19 April 2014

Rachael Archibald, art connecting humanity and nature

  

Words: Saskia Edwards
Images: Jonathan Rae 
Animation: Rachael Archibald

Pantheism is the doctrine that God is in everything. God is in trees, air, clouds, dirt, grass, rocks, animals. God is in you. It’ s the idea that what is natural is divine.

Brisbane artist Rachael Archibald’s works are pervaded by this concept. She laces her sculpture and online artworks with motifs representing the relationship between humanity and the natural world.

“I have a kind of sub-conscious idea about man and nature and how we use it and how it’s really beneficial.

“I use the rock form as a simplistic symbolism for our connection with the world and nature.”

The contrast between rock forms and distinctly manufactured objects in Rachael’s sculpture seems to demonstrate the co-existence of the artificial and the organic – man and nature. Similarly, rocks printed on synthetic fabrics, coated in neon colours and recreated in a digital form all show the amalgamation of the natural and unnatural.

While keeping with this theme, Rachael’s work has undergone large transitions. She now rarely creates tangible works and has moved onto largely digital art.

“Well recently I stopped making a lot of physical objects because I feel they’re a bit unnecessary and it’s a bit harder to communicate or have it exposed to audiences, and I’m a bit lazy.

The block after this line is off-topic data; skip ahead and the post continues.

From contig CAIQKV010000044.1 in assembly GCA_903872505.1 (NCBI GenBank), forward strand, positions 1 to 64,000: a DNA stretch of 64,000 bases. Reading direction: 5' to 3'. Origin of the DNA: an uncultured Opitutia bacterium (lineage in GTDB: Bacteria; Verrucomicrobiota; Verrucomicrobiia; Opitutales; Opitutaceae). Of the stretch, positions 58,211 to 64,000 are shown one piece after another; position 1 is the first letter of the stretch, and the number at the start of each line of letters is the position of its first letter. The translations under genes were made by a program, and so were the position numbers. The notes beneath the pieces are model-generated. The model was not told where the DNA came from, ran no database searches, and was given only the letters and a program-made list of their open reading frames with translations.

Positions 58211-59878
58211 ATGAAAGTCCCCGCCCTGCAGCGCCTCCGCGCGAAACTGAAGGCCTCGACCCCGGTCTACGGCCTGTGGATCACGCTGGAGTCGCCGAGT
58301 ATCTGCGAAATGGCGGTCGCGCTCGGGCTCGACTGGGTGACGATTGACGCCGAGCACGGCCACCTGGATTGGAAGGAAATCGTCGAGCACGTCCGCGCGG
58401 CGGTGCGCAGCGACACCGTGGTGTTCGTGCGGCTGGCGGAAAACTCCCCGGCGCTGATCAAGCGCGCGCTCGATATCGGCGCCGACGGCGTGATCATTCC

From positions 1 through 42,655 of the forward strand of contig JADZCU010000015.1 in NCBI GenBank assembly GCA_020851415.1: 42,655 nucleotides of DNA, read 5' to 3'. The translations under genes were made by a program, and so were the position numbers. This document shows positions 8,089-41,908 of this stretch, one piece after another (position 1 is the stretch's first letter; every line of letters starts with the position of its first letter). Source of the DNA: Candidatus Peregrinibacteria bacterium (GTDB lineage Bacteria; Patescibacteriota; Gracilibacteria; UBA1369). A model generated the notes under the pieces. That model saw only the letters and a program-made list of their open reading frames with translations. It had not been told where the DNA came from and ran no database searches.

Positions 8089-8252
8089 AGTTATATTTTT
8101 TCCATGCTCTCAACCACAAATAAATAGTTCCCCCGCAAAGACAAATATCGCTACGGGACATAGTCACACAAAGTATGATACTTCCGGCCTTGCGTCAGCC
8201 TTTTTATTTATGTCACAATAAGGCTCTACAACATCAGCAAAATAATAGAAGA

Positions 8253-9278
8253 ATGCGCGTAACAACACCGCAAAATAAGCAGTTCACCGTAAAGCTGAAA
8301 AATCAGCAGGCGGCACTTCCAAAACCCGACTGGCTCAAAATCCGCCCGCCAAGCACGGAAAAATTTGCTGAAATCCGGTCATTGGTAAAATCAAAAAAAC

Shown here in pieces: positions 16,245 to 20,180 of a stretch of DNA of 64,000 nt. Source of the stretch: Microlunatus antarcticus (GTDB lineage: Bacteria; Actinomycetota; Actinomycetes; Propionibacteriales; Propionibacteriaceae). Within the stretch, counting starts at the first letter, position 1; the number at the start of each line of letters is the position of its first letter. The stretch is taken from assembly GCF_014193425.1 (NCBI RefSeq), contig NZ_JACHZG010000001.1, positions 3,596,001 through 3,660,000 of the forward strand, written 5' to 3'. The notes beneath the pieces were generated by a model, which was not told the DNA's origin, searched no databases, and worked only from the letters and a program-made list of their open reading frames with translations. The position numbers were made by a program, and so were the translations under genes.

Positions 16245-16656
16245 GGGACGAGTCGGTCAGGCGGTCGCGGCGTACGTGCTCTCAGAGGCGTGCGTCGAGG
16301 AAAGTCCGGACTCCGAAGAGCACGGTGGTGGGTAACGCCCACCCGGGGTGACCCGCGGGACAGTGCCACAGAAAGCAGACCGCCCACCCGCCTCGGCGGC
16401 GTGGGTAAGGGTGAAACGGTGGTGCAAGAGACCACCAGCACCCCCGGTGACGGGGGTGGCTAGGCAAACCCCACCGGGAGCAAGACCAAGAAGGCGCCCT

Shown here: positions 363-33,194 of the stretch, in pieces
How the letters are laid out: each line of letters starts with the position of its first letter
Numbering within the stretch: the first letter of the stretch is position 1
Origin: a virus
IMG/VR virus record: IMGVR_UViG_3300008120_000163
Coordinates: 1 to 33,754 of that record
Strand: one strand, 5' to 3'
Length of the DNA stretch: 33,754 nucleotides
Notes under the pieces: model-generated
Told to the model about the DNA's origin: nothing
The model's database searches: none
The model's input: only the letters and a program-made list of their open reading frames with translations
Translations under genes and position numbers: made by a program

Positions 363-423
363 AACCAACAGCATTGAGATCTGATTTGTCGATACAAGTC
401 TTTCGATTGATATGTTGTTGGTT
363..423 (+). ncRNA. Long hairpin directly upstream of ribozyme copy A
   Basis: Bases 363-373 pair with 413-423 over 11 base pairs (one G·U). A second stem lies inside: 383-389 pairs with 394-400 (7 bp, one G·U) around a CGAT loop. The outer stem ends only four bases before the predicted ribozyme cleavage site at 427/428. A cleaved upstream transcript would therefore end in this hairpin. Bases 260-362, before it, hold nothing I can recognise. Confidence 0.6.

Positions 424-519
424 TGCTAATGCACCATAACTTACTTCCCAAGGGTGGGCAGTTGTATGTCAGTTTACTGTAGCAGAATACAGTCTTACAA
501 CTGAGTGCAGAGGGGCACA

“So I want to make the same aesthetics of physical objects, but in an internet gallery.

“Because it’s time consuming to make things, but on the internet you can just upload it as soon as you’ve done a little bit.”

Through 3D digital clay moulding software, Photoshop and applications like You Doodle Rachael produces gifs, online collages and other animated artworks. Though Rachael rejects the idea she’s part of the Vaporwave movement that’s seen the satirical resurgence of early Microsoft and DOS imagery stemming from seapunk and chillwave trends.

“I’m using the technology, but I’m still pretty art school, so clean and process-based.

“But they’re probably coming from the 90s or the 2000s where they’re influenced by internet culture. But I really like looking at it, appreciate it.”

As a QCA graduate, Rachael’s always been drawn to artistic endeavours.

“I remember my mum used to try to get me to do drama and stuff after school and I’m really shy and introverted, so I used to scream and not want to go.

“So then she put me in this art school, which was really good because I could just sit at a desk and do whatever I wanted.

“And then I kept doing it at high school. I did photography and hospitality and art.

“Yeah I just didn’t really want to anything else.”


Rachael says her future works will continue to be through an online platform. And perhaps this is the modern manifestation of Pantheism where humanity, nature and the spiritual are all interconnected even through the virtual world.










No comments:

Post a Comment